Anybody involved in making comic books is a fan – a passionate, and to a certain degree, belligerent one at that. Enrique “Spike” Puig is one of those guys. He proves that passion and dedication to the thing you love can yield amazing results, which in his case, is an original character and story as part of Marvel’s big event, Spider-Verse. Spider-Verse is Marvel’s ambitious storyline involving every incarnation that has ever existed of your friendly neighborhood Spider-Man over the past 50 plus years. There will also be some new versions, including Puig’s Arácnido Jr., and his adventures in the streets of Mexico City. Enrique worked with artist Francisco Herrera (Marvel, DC, Disney Dreamworks) and inker Fernanda Rizoga for something quite special. We caught up with Spike to get to know his career better, as well as some of his insights on the industry and comics themselves.
When did you first get into comics?
I grew up watching the Hanna-Barbera version of the Fantastic Four and Spider-Man and His Amazing Friends. My first comic was given to me in 1988 by an uncle because I stood up for his daughter, my cousin. It was an Amazing Spider-Man although I can’t remember for sure what it was about. The first comic that made a big impact on me was X-Men Vs Fantastic Four, the second version; also the X-Men cartoons, because of the stories, they managed to tell a very complex mythological universe. That and Watchmen…I don’t think I need to talk about Watchmen.
It’s funny. If you go to see a superhero movie in DF, it’s very possible that you might be sitting besides the guy who draws X-Men
I used to go pretty much every afternoon after school to the Comics S.A. store on Universidad avenue. Many of my friends nowadays I made there, they used to be the cashiers and stuff. In fact the first time I submitted an idea to Marvel was through them, I was 15 and learning how to draw —I never could draw, though— and made some doodles at school. They answered me and said I was ripping off Thor, that I should learn how to write.
That’s great, to get an answer from the big boys.
That was the editor’s job, to look at the different proposals. Nowadays it’s very different, you can’t just send an email because that doesn’t exist. You have to do it professionally through the right channels. Back then, the editor was Bob Harras, he answered me personally. I was a bit heartbroken but I realized he wasn’t being mean, but rather being helpful. It forced me to learn how to write.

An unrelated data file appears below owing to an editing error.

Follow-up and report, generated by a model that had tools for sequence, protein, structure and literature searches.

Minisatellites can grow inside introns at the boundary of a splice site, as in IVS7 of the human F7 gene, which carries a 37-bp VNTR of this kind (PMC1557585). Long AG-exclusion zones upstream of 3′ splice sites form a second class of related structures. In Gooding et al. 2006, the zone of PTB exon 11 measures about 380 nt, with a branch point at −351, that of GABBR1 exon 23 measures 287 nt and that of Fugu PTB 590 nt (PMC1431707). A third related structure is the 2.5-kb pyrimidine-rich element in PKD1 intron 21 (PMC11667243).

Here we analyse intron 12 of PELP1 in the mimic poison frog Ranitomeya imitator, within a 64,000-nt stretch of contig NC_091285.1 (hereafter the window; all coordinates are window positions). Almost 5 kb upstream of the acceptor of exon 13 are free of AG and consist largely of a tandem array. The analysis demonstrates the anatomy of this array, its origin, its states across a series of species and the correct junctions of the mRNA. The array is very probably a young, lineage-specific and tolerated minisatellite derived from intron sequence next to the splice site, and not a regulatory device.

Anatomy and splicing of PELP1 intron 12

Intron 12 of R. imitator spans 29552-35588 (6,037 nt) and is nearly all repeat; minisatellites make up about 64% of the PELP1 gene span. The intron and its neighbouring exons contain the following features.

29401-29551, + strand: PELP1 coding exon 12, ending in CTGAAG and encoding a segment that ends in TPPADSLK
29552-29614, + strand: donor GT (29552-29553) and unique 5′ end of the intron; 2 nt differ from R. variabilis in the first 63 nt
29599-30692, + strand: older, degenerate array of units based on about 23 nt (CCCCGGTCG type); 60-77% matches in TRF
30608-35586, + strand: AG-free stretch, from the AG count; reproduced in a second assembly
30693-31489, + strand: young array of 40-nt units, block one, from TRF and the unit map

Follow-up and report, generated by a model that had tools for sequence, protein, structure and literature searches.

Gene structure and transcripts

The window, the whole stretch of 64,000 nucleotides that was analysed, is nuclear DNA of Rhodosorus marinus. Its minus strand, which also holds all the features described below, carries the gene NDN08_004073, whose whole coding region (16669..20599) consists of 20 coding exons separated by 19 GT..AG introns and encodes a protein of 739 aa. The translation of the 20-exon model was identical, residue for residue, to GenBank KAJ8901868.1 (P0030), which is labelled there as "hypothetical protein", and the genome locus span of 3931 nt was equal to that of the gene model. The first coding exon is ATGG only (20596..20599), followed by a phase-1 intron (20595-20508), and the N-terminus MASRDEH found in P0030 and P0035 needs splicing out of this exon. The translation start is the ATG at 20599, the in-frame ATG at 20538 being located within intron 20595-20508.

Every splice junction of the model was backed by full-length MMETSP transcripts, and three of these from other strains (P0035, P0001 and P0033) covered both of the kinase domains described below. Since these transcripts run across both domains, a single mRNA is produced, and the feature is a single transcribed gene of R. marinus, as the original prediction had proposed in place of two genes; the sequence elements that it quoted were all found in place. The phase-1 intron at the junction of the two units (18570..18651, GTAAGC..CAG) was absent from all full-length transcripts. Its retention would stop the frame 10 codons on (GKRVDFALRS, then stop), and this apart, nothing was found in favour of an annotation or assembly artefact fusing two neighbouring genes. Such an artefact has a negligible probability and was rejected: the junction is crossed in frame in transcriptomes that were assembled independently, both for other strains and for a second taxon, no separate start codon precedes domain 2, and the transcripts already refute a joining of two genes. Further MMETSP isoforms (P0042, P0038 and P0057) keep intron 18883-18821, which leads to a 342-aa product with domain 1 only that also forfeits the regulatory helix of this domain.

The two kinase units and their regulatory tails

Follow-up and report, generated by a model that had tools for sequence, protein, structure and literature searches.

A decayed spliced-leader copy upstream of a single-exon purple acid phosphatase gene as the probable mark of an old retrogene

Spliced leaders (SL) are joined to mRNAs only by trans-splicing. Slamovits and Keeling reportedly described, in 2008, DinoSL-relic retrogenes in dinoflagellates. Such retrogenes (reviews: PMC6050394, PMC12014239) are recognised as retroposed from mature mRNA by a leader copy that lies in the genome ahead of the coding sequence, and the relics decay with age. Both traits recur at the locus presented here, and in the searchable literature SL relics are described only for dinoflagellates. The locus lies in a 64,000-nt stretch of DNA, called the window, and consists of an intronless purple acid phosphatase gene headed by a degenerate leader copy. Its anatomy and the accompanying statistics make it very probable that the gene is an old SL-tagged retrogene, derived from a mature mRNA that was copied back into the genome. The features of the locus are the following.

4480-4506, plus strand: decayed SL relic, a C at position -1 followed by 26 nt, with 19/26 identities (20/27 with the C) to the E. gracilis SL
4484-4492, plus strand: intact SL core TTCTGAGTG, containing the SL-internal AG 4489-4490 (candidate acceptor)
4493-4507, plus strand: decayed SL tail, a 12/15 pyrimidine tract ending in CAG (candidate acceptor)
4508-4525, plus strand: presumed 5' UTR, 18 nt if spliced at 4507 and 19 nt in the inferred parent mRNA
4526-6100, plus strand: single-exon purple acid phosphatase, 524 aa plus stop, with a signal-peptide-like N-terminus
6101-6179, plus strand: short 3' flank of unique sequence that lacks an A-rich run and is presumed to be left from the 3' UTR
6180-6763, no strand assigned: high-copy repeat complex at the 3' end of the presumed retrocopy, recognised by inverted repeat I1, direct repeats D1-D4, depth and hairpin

So you wanted to be the writer and the artist?
That’s the ideal setting. Producing a good comics requires good writing and good drawings, so if you can do both you’re alright; my go to example is Terry Moore because I haven’t read anything bad by him and he does everything. I took some drawing lessons but it simply didn’t work out for me.
So you kept polishing your style?
Actually, I was very disheartened, and that’s when I fully dedicated myself to music. I originally studied music production at Fermatta (music school) and I had a band for many years called The Graveyard Shift, I played with many other bands too, I collaborated at Ibero [Radio] and Reactor, interviewing bands. I was very into the Alicia scene back then when Hulespuma, Big Spin, Axpi, 301 Izquierda, and all of them played there. Those people too are still my friends to the day.
So when did you become serious about having a career in comic books?
When I was young I would say that I wanted to be a writer, astronaut, physician, scientist and firefighter. “Writer” was the constant every time someone asked what I wanted to be back then. And when I got let down by the music world —not that I don’t like music, but rather with modern music— I started writing scripts, completely self-taught by reading movie scripts; but I always wanted to make comic book scripts.
What is it about writing comics that appeal to you?
Writing comics is great because not only you are like a god like someone who writes a book and builds a world through pages, you can also see that world realized visually not like you imagined, but even better if you have a great artist with you. First of all, you have no budget restrictions; the cost of setting a scene on Mars or in a café are exactly the same. It’s also the closest you can get to see the translation from idea to the finished product as pure as it can be. I see it this way, film is the medium of directors, TV is the medium of the producers, theater is the medium of the actor, videogame is the medium of the player and comic books are the medium of the writer; and I’m not thinking less of the artists but it all starts from the axiomatic idea of the writer.
How did you came into contact with Marvel and the big industry?
I’m very into buying comics, I’m a big fan, I have my subscriptions and everything. Then I got into comic book journalism…actually, anything that has to do with comics I’m in. I write about comics, I translate, I do scripts. And those who are seriously into comic books, like involved in the day to day activities, we know each other because we are not that many; we go to the same places and frequent the same parties; thanks to my work as a journalist I started to get to know many authors who are from abroad. A friend of mine, Tim Seeley —he’s currently doing Grayson for DC and doing some stuff independently like Hack/Slash— we bonded over stuff we both love; he’s also an artist who later started writing, so he would ask me a lot about writing, advice and stuff. Also, some of the breaks I got came from applying to an open call made by Top Cow, who publish Witchblade, the editor is also a writer and he thinks that the next Alan Moore could be out there, but things are very hard for writers who don’t draw, and the industry can’t progress this way. It really helped me along with what I already was doing.